“To attain these objectives, the bank strives to ensure an optimal supply of clean and quality banknotes in a balanced denominational mix to meet public demand, while also maintaining a balanced currency structure that is both efficient and cost effective.
“The responsibility for clean notes in circulation is not exclusively that of the central bank, rather a collaborative effort between the central bank, banknote suppliers, deposit money banks, manufacturers of currency management equipment, currency transportation and processing companies, security agencies, and the general public.
“I commend the existing collaboration between the CBN and the stakeholders in the currency management value chain, and wish to stress that this should be deepened and strengthened for the overall good of the industry.
“Currency management is vital to our daily lives because despite the improvements in electronic payments system, banknotes remain predominant for payment and settlement of commercial transactions in Nigeria.”
Cash-in-Transit/Cash Processing Companies
Speaking further, Emefiele said the central bank had registered eight companies to carry out cash-in-transit and two cash processing companies to operate in Nigeria.
He urged commercial banks to patronise only these registered companies for CIT and sorting services.
“It is expected, therefore, that more private sector participation in the currency management value chain would further strengthen the efforts toward ensuring availability of clean banknotes,” he added.
In addition, Emefiele revealed that the apex bank intends to embark on a project that would enable it mop-up mutilated banknotes from circulation.
He also said the central bank would continue to embark on sustainable institutional reforms and enact policies that would promote efficient currency management in Nigeria.
He said: “I will like to seize this opportunity to urge Nigerians to handle the naira properly, as it is a criminal offence to abuse the naira. Moreover, the naira is our identity as a country, so we need to respect it.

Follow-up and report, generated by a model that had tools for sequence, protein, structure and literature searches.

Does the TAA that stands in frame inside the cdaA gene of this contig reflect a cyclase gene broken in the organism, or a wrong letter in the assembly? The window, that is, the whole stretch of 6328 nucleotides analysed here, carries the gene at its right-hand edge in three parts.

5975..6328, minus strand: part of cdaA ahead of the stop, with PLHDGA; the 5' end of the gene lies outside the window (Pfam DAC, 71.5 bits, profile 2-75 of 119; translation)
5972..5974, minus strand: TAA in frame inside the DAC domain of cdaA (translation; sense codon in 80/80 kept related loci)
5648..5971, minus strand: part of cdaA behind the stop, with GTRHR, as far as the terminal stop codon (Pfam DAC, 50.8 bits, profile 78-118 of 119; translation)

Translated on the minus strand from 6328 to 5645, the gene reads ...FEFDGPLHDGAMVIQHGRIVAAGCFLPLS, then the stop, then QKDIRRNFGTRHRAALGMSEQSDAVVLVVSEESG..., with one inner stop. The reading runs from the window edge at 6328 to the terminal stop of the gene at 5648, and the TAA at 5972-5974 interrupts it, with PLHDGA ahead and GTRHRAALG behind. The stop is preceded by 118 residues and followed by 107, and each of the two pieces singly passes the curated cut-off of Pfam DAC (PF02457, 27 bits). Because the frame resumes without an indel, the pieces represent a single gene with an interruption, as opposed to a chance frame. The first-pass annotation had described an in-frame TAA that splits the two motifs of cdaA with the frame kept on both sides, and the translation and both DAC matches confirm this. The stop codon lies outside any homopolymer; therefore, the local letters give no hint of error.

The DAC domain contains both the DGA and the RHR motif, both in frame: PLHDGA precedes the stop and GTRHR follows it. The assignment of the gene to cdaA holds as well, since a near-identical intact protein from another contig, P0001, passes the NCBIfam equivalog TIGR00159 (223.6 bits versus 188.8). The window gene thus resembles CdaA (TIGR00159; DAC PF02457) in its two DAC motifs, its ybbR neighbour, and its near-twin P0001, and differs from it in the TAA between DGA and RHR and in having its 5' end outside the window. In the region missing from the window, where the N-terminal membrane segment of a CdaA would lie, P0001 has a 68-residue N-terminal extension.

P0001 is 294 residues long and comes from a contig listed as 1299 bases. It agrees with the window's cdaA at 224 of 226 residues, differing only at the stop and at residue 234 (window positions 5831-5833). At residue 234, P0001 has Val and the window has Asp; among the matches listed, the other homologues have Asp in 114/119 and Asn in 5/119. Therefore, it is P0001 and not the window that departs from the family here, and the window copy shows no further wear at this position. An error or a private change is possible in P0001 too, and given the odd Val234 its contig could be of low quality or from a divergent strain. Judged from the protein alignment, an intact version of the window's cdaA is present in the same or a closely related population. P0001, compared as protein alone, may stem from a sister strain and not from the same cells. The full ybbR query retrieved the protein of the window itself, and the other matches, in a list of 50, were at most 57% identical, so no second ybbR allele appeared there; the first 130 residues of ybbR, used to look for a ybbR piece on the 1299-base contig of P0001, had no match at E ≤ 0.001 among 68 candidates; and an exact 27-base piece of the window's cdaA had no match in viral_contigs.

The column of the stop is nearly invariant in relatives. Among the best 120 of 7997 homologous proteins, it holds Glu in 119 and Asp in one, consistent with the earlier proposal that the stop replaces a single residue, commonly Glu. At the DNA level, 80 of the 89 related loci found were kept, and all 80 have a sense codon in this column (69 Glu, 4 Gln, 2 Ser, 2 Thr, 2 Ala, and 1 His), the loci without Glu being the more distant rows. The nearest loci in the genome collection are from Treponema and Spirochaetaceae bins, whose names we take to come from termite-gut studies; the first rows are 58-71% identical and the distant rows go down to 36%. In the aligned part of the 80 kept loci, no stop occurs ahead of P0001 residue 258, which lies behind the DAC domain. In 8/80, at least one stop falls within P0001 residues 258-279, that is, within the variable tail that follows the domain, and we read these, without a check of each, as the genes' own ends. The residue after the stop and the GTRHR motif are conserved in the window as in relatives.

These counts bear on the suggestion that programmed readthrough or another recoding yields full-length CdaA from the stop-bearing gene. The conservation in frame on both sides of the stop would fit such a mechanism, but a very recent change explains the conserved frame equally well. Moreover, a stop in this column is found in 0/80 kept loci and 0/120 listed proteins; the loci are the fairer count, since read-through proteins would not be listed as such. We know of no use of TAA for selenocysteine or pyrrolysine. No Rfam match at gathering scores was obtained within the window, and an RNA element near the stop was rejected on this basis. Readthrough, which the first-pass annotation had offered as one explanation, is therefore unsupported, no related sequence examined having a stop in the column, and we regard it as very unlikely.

“I wish to bring to your attention that after this unveiling event, the bank would monitor and sanction any commercial bank/financial institution that contravenes the provisions of the two policy documents.”
On his part, the Deputy Governor (Operations), CBN, Mr. Folashodun Shonubi, said: “When people go around, they look at your currency and that represents the nation. And half the time we show them currency notes that are less than fit, it must tell on us in some shape and manner.
“The whole industry not just the central bank has committed to changing that image.
“The document unveiled today explains how it would be done; what everybody’s role and responsibilities are and how we can make it a reality.
“From the banks who actually handle the notes to ensure the notes they have are always fit for purpose. We also feel it would affect commerce because people would be more inclined to spend when they have new notes in their hands and merchants more willing to accept.
“So, we believe it would definitely help the economy and how money moves around.”
In her presentation, the Director, Currency Operations, CBN, Mrs. Priscillia Ejeme, said despite the huge volume of CIC and its attendant challenges, the CBN remained committed to ensuring that the nation has fit notes in circulation.
Also alluding to the incentives for banks to bring in bad notes, she said: “We would give a timeframe by which banks would need to bring all mutilated bank notes to us for replacements and we would do it in a way that they would be encouraged to bring them forward.”
She also added that ATMs are expected to have only mint and close to mints dispensed, which the guideline stipulates as Level 1 and Level 2.
She also urged banks to sort increase sorting of mutilated notes to the CBN to retrieve the cleaner notes.
On sanctions she also said: “There would a penalty for counterfeits from ATMs and it is currently N1 million for counterfeits detected via ATMs or across the counters.”
On his part, the Director, Banking and Payment System Department, CBN, Mr. Dipo Fatokun, said: “The clean note policy document provides the uniform standard of only clean and fit bank notes in Nigeria.”
However, despite efforts by the central bank, there is need for financial institutions to continue to create incentives for customers that adopt alternative banking channels, so as to reduce the dependency on cash. Digital financial services create employment opportunities, enhances commerce and supports microfinance. In fact, the potential of digital financial services are enormous if well exploited.